PULLMAN, Wash.—Washington State University has named the best-selling “I Am Malala: The Story of the Girl Who Stood Up for Education and Was Shot by the Taliban” as the 2016-17 common reading for first-year and other students in Pullman, Interim Co-Provost Erica Austin has announced.

Austin chose “I Am Malala” from three books recommended by the selection committee of the Common Reading Program, part of WSU Undergraduate Education.

The 2013 book is a memoir written by the world’s youngest recipient of the Nobel Peace Prize, Malala Yousafzai, with Christina Lamb, a British journalist. It details the life of the Yousafzai family in northern Pakistan, their passion for education, Malala’s recovery from the assassination attempt when she was 15, and her emergence in the three years since as an international heroine. Now living in Birmingham, England, she has addressed the United Nations and won countless awards as a persevering advocate for education and freedom.

“I chose ‘I Am Malala’ for a great many reasons,” said Austin. Chief among them is that “the book dovetails closely with our university’s mission to provide broad access to education, including those from diverse domestic and international backgrounds, as well as those who are place bound.”

The book also reinforces WSU’s commitment to building a university community that is inclusive, respectful, and equitable, she said. She noted the author’s summary of education’s power: “One child, one teacher, one book, and one pen can change the world.”

Aligns with WSU emphases

“‘I Am Malala’ is an incredibly dramatic first-person account by an individual who is similar in age to many of our entering students who will encounter topics from this book in their classes and activities. I believe this will deepen their identification with her story and its ability to empower them as new university students,” said Austin.

She added that the book provides “an interesting context for discussing academic freedom and freedom of speech, which are topics of interest and concern for our university community as well as our nation and world.”

She also noted that wide-ranging academic disciplines can connect with the book, “and it can connect with all of WSU’s research grand challenges.” [https://research.wsu.edu/research-initiatives/grand-challenges/]

The book’s setting is in the Middle East, and that aspect could raise timely issues likely to be in the news during this presidential election year.

Social justice and leadership theme

“We believe Dr. Austin’s selection features extraordinary topics that tie clearly to the Common Reading’s two-year theme of ‘social justice and leadership,” said Susan Poch, common reading co-director and chair of the selection committee.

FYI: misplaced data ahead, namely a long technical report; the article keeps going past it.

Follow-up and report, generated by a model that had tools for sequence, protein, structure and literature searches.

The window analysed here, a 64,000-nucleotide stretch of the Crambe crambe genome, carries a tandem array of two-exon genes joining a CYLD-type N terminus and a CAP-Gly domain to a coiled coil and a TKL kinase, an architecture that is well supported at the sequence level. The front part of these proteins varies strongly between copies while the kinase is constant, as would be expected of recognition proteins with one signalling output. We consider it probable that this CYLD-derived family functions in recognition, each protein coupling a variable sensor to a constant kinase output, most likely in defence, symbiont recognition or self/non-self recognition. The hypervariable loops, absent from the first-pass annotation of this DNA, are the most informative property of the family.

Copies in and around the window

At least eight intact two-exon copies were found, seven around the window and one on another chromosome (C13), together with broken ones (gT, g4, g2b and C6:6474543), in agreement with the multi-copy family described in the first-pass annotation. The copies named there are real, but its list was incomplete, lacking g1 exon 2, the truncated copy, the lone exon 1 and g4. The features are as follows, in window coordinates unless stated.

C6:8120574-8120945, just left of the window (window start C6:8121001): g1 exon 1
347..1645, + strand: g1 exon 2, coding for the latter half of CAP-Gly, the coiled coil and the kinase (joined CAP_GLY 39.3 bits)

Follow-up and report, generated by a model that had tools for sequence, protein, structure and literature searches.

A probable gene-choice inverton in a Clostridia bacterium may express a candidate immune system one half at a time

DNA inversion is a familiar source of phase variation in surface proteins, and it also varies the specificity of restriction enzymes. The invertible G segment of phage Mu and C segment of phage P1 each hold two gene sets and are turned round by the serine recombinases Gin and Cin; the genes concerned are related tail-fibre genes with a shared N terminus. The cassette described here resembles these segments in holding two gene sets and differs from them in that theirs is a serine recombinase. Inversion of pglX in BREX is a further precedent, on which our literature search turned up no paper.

“We have seen that students, faculty, staff, and units across the university resonate with that theme as they use the current book, ‘Just Mercy.’ Committee members are confident that ‘I Am Malala’ will prove to be equally adaptable and applicable to a wealth of lively classroom discussions and events in the coming academic year.”

Poch commended committee members for their work to evaluate the 27 books nominated in fall, and then narrow the number to recommend for consideration. The two other books presented to Austin were “My Beloved World,” by Sonia Sotomayor, U.S. Supreme Court associate justice, and “Integration Nation: Immigrants, Refugees, and America at Its Best,” by author and journalist Susan E. Eaton. The latter was selected from the same list of nominations to be the common reading book used at WSU Vancouver in 2016-17. [https://commonreading.wsu.edu/nominations/]

Looking ahead to a tenth anniversary year

As she has done for the previous nine common reading books in as many years, program co-director Karen Weathermon will develop a year-long set of faculty and guest-expert lectures and special programming aligned with the book. This work also allows coordination with units across campus that offer affiliated events.

“There is a wealth of information available about Malala, her life, her work, and international responses to her initiatives, so the opportunities to build a diverse and meaningful set of academic experiences for students will be quite rewarding,” said Weathermon.

“Also, as 2016-17 marks the tenth anniversary of the Common Reading Program in Pullman, I am confident that there will be some special events throughout the year.”

Follow the plans on the program website at http://CommonReading.wsu.edu. Its online calendar also lists many 2016 spring events tied to “Just Mercy.” Its author, Bryan Stevenson, visited Pullman in December 2015 to deliver an address and meet students.



MEDIA: Susan Poch, Co-Director of the WSU Common Reading Program, 509-335-6037, poch@wsu.edu

Karen Weathermon, Co-Director of the WSU Common Reading Program, 509-335-5488, kweathermon@wsu.edu